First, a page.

Date: Wed, 8 Nov 1995 08:33:46 -0500
From: "Dennis R. Preston" preston[AT SYMBOL GOES HERE]PILOT.MSU.EDU
Subject: Re: "One of the x that has/have"?
I knew Larry could bracket it (and show that the rule which disallows a
more 'ticklish' determination of which subject goes where is silly).
Dennis P. challenges:
'This is the only one of the fictions which has/*have caused us any trouble
at all' (as opposed to '...one of those dictions which have...). It seems
clear to me that 'semantic' facts can indeed 'disrupt' the over-simple
The 'only' addition demands singular agreeemnt
Let me take up the challenge. Consider:
(i) This is THE ONLY ONE [of the fictions] which HAS caused us any problems.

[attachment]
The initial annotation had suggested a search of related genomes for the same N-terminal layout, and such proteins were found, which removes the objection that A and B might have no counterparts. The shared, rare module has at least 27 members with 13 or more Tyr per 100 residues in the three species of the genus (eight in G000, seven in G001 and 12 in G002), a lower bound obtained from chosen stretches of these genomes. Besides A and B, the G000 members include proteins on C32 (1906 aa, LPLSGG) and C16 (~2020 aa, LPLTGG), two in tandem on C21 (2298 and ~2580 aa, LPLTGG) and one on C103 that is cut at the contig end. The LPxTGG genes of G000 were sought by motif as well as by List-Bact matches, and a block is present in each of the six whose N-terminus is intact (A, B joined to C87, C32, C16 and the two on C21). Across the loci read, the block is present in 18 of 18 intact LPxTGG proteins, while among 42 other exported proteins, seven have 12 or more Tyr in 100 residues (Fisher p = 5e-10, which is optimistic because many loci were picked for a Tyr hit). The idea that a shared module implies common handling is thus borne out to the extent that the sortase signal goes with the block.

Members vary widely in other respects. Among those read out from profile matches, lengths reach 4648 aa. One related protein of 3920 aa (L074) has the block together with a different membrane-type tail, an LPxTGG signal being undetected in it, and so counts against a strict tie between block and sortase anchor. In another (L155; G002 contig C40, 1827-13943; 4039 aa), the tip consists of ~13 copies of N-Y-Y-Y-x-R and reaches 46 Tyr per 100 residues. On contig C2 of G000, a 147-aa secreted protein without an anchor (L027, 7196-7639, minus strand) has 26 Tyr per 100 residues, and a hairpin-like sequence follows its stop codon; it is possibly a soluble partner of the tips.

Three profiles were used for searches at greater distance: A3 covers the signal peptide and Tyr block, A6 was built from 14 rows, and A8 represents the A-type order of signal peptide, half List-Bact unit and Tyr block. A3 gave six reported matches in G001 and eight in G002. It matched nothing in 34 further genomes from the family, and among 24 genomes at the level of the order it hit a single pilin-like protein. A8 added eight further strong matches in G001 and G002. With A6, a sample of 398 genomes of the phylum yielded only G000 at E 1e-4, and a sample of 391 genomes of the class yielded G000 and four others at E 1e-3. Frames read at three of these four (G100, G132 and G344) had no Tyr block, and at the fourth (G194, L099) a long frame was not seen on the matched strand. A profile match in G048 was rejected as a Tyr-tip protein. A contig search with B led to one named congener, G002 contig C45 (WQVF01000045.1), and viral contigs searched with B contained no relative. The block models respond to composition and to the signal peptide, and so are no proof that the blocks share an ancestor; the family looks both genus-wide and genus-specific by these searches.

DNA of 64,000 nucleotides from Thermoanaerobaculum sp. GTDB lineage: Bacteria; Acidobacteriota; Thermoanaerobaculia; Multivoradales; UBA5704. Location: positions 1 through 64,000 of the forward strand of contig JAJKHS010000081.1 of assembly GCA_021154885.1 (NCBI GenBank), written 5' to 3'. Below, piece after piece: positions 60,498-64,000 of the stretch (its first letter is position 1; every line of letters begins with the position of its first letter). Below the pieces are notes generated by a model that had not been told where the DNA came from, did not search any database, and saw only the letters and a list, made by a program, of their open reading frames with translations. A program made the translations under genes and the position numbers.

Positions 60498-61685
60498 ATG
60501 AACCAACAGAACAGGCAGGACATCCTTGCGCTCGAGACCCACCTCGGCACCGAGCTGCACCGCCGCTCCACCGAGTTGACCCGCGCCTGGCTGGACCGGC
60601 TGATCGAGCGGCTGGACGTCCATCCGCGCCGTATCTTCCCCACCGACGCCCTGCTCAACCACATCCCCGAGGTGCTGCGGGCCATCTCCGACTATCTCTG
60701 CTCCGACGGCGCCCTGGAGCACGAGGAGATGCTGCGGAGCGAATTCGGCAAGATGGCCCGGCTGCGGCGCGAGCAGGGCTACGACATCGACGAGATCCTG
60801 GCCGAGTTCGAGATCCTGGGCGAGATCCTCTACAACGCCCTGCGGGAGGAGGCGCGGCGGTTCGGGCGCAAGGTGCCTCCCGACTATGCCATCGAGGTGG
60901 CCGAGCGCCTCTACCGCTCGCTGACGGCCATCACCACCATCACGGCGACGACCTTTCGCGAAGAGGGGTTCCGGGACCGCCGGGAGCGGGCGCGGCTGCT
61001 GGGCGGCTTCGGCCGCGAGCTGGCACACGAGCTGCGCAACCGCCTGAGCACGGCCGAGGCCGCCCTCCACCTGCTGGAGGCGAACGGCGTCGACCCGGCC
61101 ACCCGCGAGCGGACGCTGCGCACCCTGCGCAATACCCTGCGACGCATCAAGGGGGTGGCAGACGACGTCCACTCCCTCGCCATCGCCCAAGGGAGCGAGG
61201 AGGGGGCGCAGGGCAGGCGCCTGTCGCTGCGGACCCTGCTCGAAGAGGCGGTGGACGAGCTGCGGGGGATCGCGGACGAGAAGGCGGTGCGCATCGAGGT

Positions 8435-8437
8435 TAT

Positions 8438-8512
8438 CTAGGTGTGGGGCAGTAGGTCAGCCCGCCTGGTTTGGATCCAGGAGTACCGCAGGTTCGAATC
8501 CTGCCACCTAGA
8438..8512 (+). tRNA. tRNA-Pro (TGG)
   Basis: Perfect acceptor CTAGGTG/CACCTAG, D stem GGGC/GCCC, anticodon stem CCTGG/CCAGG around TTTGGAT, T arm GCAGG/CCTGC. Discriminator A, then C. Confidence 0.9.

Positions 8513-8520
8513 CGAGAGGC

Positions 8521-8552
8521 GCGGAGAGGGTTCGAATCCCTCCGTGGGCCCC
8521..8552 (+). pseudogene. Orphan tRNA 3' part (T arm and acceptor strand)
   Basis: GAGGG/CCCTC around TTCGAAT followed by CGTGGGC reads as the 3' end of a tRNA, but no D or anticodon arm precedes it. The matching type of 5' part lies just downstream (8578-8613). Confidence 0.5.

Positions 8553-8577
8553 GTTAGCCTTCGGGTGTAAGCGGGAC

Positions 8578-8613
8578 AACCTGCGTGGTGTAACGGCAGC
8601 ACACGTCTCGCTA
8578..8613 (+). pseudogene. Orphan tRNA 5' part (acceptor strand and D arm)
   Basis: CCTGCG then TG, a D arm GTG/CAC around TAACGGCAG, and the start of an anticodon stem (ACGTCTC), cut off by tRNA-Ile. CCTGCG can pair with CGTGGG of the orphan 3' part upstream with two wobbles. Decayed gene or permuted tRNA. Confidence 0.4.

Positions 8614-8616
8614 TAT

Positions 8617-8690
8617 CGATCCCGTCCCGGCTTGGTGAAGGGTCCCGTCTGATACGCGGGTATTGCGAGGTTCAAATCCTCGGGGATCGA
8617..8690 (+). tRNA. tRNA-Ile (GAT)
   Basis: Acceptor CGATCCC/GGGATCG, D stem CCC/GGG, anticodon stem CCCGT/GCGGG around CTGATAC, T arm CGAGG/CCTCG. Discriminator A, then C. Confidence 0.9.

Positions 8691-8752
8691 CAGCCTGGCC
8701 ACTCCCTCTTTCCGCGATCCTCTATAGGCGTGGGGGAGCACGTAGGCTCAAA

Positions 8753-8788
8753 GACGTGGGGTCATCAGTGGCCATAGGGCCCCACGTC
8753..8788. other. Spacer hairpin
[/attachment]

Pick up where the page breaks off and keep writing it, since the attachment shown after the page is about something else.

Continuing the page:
(ii) This is the only one [of [THE FICTIONS that HAVE caused us problems]]
that needs to be dealt with today.
Yep, it's bracketing, a.k.a. figuring out whose subject is whose. Dennis's
example, (i), sports a negative polarity item (_any_) and a relative pronoun
(_which_, typically associated with non-restrictive relatives) that make the
bracketing, and thus the singular agreement, in (i) appropriate. In (ii),
I've changed _which_ to restrictive _that_, removed the _any_, and added
enough context to force a different bracketing and plural agreement (leaving,
of course, singular agreement on _needs_, which does agree with 'the only one'
--its subject). Safire, eat your heart out.